The shift in tone that Pope Francis is bringing to the Catholic Church has serious repercussions for people who follow that religion – and those of other faith systems. As the most prominent religious figure in today’s world, the actions, ideas, and approach of the pontiff (literally, “bridge builder”) deserve attention, including among Jews. In fact, I think even our most outstanding rabbis could learn from Pope Francis.
That’s no criticism of the gedolim. Instead, it’s a recognition that Jewish leaders need not shy away from the moral and intellectual contributions of great men of other faiths. As the Jewish collection of wisdom Pirkei Avot teaches, “Who is wise? One who learns from every man.” If we’re supposed to learn from everyone, we ought to listen carefully to one of the moral exemplars of our century.
Nothing mentioned below should be interpreted as criticizing any rabbi – nor supporting the violation of unambiguous Jewish laws. Instead, I’m praising values and behaviors that Pope Francis models – at least some of which can be a lesson to every present and future rabbi, whether a local synagogue rabbi or one of our generation’s leading rabbinical figures.
Here are some qualities shown by Pope Francis that are worthy of consideration:
- He is accessible. Many Catholics have praised the “common touch” of the current pontiff, particularly in contrast to the more aloof popes of the past. In his desire to communicate with all kinds of people, he has become conversant in 10 languages. This pope uses Twitter. Also, he regularly grants interviews to the press, and speaks openly about important moral and contemporary matters in public settings. In fact, his followers have dubbed him “the people’s pope.”
- He is humble. Upon his election, he eschewed the tradition of sitting on the Papal Throne – and stood instead. A Jewish leader who visited him said, “If everyone sat in chairs with [arms], he would sit in the one without.” He lives modestly in a guesthouse rather than in the lavish papal apartments. He even drives himself around Rome in a 30-year-old used Renault. Previous pontiffs rode as passengers in the “Popemobile,” a Mercedes costing more that a half-million dollars in which the pope would sit on a chair made from white leather with gold trim.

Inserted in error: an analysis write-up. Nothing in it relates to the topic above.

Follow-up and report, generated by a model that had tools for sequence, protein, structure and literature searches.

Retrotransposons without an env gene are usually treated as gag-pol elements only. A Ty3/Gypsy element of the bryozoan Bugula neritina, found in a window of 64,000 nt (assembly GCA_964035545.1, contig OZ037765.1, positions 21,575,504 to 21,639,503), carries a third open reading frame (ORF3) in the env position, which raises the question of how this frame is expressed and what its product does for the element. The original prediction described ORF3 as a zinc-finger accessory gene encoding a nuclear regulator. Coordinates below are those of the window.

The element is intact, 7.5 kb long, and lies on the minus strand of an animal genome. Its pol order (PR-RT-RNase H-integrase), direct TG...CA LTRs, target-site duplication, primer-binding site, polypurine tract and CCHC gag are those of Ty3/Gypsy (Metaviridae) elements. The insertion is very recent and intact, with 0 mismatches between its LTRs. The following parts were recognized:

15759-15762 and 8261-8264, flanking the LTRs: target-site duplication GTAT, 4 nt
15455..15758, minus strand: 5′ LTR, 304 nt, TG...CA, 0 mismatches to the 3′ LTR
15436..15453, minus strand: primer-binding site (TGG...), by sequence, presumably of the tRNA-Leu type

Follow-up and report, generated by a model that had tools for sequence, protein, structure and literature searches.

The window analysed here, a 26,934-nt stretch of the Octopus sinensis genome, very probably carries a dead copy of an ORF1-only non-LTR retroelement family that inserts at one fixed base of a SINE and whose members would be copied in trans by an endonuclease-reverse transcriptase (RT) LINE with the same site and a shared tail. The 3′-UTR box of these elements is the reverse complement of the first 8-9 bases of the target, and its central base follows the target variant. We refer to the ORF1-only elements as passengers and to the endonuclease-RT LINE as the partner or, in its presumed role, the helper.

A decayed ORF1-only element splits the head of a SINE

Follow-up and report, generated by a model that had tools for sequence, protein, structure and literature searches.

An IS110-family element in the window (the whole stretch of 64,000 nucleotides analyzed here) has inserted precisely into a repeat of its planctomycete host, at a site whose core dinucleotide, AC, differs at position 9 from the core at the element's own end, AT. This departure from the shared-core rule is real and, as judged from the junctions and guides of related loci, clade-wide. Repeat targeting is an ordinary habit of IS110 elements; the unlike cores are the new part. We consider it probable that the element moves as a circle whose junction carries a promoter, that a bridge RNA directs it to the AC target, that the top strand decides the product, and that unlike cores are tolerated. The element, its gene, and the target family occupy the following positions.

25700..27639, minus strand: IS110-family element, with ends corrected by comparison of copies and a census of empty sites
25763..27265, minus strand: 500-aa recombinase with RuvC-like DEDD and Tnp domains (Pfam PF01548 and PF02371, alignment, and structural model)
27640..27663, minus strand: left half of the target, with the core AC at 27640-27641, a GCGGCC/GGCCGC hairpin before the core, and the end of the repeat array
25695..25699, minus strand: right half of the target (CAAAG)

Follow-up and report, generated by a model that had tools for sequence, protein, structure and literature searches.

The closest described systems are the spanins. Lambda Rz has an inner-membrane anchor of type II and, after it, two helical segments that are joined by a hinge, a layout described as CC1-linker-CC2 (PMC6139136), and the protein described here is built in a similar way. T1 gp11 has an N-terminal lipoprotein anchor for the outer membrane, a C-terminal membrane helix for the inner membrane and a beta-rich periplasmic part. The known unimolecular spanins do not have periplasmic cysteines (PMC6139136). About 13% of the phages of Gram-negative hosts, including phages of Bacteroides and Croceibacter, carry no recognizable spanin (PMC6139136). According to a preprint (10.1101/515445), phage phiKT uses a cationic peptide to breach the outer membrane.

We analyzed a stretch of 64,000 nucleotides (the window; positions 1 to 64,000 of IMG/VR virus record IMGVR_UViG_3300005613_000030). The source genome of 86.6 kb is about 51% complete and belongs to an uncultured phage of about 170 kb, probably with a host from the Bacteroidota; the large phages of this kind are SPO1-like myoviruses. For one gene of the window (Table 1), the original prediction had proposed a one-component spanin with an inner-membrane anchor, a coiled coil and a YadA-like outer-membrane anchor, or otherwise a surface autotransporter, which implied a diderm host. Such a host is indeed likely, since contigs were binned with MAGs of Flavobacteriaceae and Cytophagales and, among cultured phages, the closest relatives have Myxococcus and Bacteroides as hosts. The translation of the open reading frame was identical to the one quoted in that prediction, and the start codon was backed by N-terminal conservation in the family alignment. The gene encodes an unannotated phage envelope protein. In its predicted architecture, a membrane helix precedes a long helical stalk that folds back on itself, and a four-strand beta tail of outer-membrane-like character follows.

- He is traditional. Pope Francis does not surrender to calls for assimilating recent social values that are foreign to Catholicism. Thus, he does not approve of ordaining women priests, abandoning clerical celibacy, or endorsing abortion and gay marriage. On the other hand, he has been willing to listen with respect and kindness to people advocating all kinds of new ideas. He marginalizes no one.
- He is merciful. Soon after ascending to the papacy, Francis washed and kissed the feet of several juvenile offenders. He goes out of his way to embrace people who are usually demeaned by the wider society, especially the poor. In fact, alleviating poverty seems to be the centerpiece of his papacy.
- He is respectful. Under Pope Francis, Catholic clergy no longer speak of “living in sin,” a phrase that had been an unnecessary slap in the face to Catholics whose family arrangements do not involve church-approved marriages. He has not changed church policy on unmarried couples cohabitating, but he sees no need to insult them, either. The recently convened Synod on the Family just released a draft document that declared that gay people had “gifts and qualities to offer,” though they maintained the church’s policies on the nature of proper bedroom and family life.
To be clear: I am not envious of Catholicism and I don’t wish Judaism would echo that religion’s ideology and practices. Rather, I’m describing the extraordinary leadership of a special person who has inspired hundreds of millions.
Since the Talmud defines wisdom as learning from everyone, surely Jews should pay attention to a man who in just 19 months has become perhaps the most influential religious paragon in the world since the death of the Lubavitcher Rebbe in 1994.
A version of this essay appeared in the Daily Caller. David Benkof is a freelance writer living in St. Louis. Follow him on Facebook, Twitter (@DavidBenkof), or E-mail him at DavidBenkof@gmail.com.